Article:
If there's one issue in this country that seems to enjoy bi-partisan support, it's the idea that young people should have access to opportunities for a better life, such as going to college. But a new report by the American Council on Education finds that, despite impressive gains over the last decade, color and class barriers still stand in the way of those seeking higher education.
The Minorities in Higher Education Twenty-second Annual Status Report finds that enrollment of African-American, Latino, Asian-American, and American Indian students has risen dramatically, with students of color now making up 27.8% of students on college campuses, compared to 21.8% in 1993. But white enrollment has risen, too, and a significant color gap remains:
Although students of color made significant gains in college enrollment, African American and Hispanic students still lag behind their white peers in the rate at which they enroll in college. In 2002-04, 47.3 percent of white high school graduates age 18 to 24 attended college compared with 41.1 percent of African Americans and 35.2 percent of Hispanics. [...]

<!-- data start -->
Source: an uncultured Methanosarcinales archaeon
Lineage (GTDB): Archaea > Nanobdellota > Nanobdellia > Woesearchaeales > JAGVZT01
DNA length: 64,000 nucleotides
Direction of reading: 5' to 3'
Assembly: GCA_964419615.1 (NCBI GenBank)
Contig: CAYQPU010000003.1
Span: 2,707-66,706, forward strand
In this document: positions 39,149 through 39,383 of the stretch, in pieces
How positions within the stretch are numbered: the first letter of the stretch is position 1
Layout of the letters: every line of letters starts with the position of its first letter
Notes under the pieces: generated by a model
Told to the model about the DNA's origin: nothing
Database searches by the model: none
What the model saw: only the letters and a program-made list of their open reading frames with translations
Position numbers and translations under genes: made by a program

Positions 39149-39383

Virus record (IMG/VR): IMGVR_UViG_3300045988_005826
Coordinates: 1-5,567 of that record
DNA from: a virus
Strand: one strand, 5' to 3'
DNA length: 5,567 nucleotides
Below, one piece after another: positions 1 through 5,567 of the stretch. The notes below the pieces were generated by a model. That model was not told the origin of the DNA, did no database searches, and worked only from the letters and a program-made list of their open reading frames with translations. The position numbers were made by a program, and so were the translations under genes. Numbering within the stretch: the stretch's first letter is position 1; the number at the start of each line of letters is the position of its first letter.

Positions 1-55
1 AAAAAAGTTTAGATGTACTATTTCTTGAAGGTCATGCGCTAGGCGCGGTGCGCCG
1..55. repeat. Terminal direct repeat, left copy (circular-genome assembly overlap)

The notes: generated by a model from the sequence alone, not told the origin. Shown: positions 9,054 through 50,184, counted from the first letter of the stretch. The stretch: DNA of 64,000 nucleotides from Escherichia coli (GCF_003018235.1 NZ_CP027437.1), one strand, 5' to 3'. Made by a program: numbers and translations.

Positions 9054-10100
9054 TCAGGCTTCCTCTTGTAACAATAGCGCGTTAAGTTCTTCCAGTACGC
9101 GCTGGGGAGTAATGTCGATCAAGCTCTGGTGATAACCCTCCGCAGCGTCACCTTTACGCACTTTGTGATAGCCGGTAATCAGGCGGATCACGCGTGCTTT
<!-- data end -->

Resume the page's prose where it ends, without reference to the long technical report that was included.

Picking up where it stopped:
"As I look at this report I am pleased to see people of color making gains in college enrollment and degree attainment over the 10 years covered in the report, but I am more struck by the gaps that still persist and believe they only hold our nation back politically and economically," said ACE President David Ward.
The study hints at a range of factors that influence who goes to college. Undoubtedly one of the major culprits is the skyrocketing cost of higher education. According to the Lumina Foundation, the cost of tuition and fees have increased almost 50% over the last decade. Among other findings of the Foundation:
*** Over 400,000 students who were eligible for college in 2002 didn't go because they couldn't afford it.
*** As college assistance has shifted from grants to loans, the average debt load of a four-year public college graduate was approximately $17,000 in 2000 - more than double the level in 1991.
*** Government support for students to go to college has been rapidly declining. In 1986, an average Pell Grant covered 98% of tuition costs at a public 4-year school. Today, it only covers 23% of tuition and fees.